What you need to know:
- Boma rhodes harvesting is a process that requires one to be meticulous to end up with the quality seeds at three to six months when they mature
- Harvesting is done using a sickle cell by breaking the flower-head and then spreading it in the sun for a day or two to dry.
- Preserving involves drying the seeds, winnowing and packing in sacks in a well-ventilated, moisture-free store free of pests or rodents.
Lukuai Farm, located 14km from Nanyuki town along the Nanyuki-Doldol Road in Laikipia County, is a vast enterprise, a massive 462 acres.The farm is famed for its beef and various dairy products, some that it exports.
I meet Ann Munene, the farm manager upon my arrival. She is busy on the Boma Rhodes farm, which occupies 20 acres, checking the heads of the fodder.
She presses the grass heads slightly on her palm to check if the seeds will detach, an indication of maturity.
“We harvest our own Boma Rhodes seeds for planting,” says Ann as she checks more grass heads.
How to harvest seeds from Boma grass
It is a process that requires one to be meticulous to end up with the quality seeds at three to six months when they mature.
Harvesting is done using a sickle cell by breaking the flower-head and then spreading it in the sun for a day or two to dry.
The heads are then slightly beaten to extract the seeds. “Heavy beating will only destroy the seeds and produce greater non-seed material that isn’t useful,” cautions Ann.
The seeds are then preserved for planting on the rest of the farm. Preserving involves drying the seeds, winnowing and packing in sacks in a well-ventilated, moisture-free store free of pests or rodents. Wambui highly recommends home-made seeds.
“They are of good quality, are highly adapted to the region and above all cuts cost for the farmer.”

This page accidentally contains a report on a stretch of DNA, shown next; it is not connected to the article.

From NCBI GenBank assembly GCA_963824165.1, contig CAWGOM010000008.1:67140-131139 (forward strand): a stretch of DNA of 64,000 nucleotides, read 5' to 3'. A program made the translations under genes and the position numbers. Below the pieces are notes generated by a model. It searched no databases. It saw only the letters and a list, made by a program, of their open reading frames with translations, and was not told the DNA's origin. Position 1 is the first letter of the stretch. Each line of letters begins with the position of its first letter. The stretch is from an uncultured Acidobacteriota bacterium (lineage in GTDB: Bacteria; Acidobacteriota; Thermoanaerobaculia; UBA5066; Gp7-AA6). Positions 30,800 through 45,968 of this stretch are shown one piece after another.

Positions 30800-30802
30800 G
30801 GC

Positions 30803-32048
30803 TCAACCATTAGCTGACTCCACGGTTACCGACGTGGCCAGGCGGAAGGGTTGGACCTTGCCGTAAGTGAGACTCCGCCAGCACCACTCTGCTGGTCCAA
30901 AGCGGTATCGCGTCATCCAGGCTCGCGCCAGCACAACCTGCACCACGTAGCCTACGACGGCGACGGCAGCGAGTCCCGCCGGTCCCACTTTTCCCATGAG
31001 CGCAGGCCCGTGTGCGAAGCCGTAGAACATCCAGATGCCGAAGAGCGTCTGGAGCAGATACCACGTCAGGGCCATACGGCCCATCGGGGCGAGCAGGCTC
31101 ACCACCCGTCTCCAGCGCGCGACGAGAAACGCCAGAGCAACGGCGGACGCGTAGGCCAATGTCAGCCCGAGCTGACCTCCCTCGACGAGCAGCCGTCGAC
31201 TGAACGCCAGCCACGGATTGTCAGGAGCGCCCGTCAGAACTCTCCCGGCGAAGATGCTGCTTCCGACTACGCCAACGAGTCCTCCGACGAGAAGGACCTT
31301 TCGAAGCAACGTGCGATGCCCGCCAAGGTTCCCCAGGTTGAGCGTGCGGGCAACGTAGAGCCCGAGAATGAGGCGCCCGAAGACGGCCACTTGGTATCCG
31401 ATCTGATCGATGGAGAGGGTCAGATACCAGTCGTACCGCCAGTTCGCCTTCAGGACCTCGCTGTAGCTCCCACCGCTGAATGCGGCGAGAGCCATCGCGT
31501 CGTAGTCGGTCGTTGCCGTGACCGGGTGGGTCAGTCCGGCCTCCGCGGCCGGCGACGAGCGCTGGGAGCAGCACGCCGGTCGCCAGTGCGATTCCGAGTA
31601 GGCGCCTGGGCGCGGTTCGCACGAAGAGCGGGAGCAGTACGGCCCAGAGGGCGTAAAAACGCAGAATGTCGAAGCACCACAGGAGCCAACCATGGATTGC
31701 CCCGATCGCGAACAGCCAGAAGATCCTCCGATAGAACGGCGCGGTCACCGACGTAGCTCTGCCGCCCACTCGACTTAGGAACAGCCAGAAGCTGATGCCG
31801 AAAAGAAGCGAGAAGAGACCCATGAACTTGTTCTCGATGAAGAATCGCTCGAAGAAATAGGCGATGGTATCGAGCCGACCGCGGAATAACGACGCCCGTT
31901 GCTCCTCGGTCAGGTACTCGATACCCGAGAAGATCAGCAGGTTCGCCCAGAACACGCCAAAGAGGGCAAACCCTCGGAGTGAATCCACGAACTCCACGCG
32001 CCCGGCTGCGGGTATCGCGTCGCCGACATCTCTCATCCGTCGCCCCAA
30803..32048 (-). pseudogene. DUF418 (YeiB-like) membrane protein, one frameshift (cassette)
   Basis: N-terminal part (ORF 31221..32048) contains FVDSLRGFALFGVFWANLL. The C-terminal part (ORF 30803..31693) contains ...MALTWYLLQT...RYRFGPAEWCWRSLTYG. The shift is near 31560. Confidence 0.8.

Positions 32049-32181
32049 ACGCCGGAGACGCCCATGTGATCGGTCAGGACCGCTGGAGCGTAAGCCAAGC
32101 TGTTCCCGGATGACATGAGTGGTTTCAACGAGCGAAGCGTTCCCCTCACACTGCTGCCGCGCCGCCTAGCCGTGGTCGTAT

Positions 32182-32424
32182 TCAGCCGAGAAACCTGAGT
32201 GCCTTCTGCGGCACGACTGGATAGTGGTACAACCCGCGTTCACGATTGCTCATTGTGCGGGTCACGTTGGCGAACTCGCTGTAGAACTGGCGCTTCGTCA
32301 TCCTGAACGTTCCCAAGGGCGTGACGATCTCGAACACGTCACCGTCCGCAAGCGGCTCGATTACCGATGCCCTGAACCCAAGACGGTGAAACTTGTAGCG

How to grow Boma Rhodes
To plant the seeds, Ann explains that they observe a strict regime because of the desert-like climate of the region that receives erratic rainfall of between 400-700ml per year.
“To conserve both the soil structure and moisture, no cultivation is done. We harrow the farm to create a shallow tilth that helps retain any single drop of water that comes by and besides, Rhodes grass needs only a shallow tilth to germinate,” she says.
The application of manure follows almost immediately after which the seeds are broadcasted at a rate of 8-10kg per acre.
“We use organic manure for two reasons, first it is because it has a long-term effect on the soil and two for quality seeds because the Boma Rhodes grass is a heavy feeder.”
Normally, the seeds are planted a day or two after harvesting because they have a high dormancy rate.
“Early planting is also vital to take advantage of any rain that comes by to trigger germination. This being an arid region, seeds take time to grow due to lack of rain and because Rhodes seeds take longer to germinate, they have to be planted early for nature to break them up.”
Esther Wambui, a private animal health and production practitioner in Laikipia County, warns that as it germinates, the grass should not be grazed on as this will interfere with delicate shoots.
Once the grass has sprouted, it is allowed to establish and only considered for harvest after the six months to give it time to colonise other indigenous grasses.
This extended period enables some seeds to be broadcasted by wind and to give the grass time to produce a lot of runners to dominate other grasses.
To add value and improve on quality, the farm intercrops Boma Rhodes grass with lucerne, which is high in protein.
A handful of lucerne seeds are mixed with a basin full of sand then broadcast on one acre.
“Lucerne being a leguminous grass thrives well offering Rhodes nitrogen when the nodule, the roots and the shoots decay.”
Wambui further advises that once lucerne has been mixed with sandoil and broadcasted, it should not be covered with any soil as the shoots are not strong to sprout if covered.
“Once mature, lucerne is harvested at the same time with the Rhodes grass. Harvesting is only done when the conditions for curing are ripe, not when it is raining.”
On the farm, the grass is normally cut and bundled by the hay cutting machine and preserved for sale. The best time to buy hay is when it’s being harvested, as it is cheap, offers Ann.
Loading and offloading of the bales of hay is mechanised.
“The more the hay is handled by human beings, the more the physical condition deteriorates and contaminated making it unsafe for livestock consumption,” she explains.
Hay from the farm is supplied to dairy farmers in Laikipia, Meru, Isiolo and Nyeri counties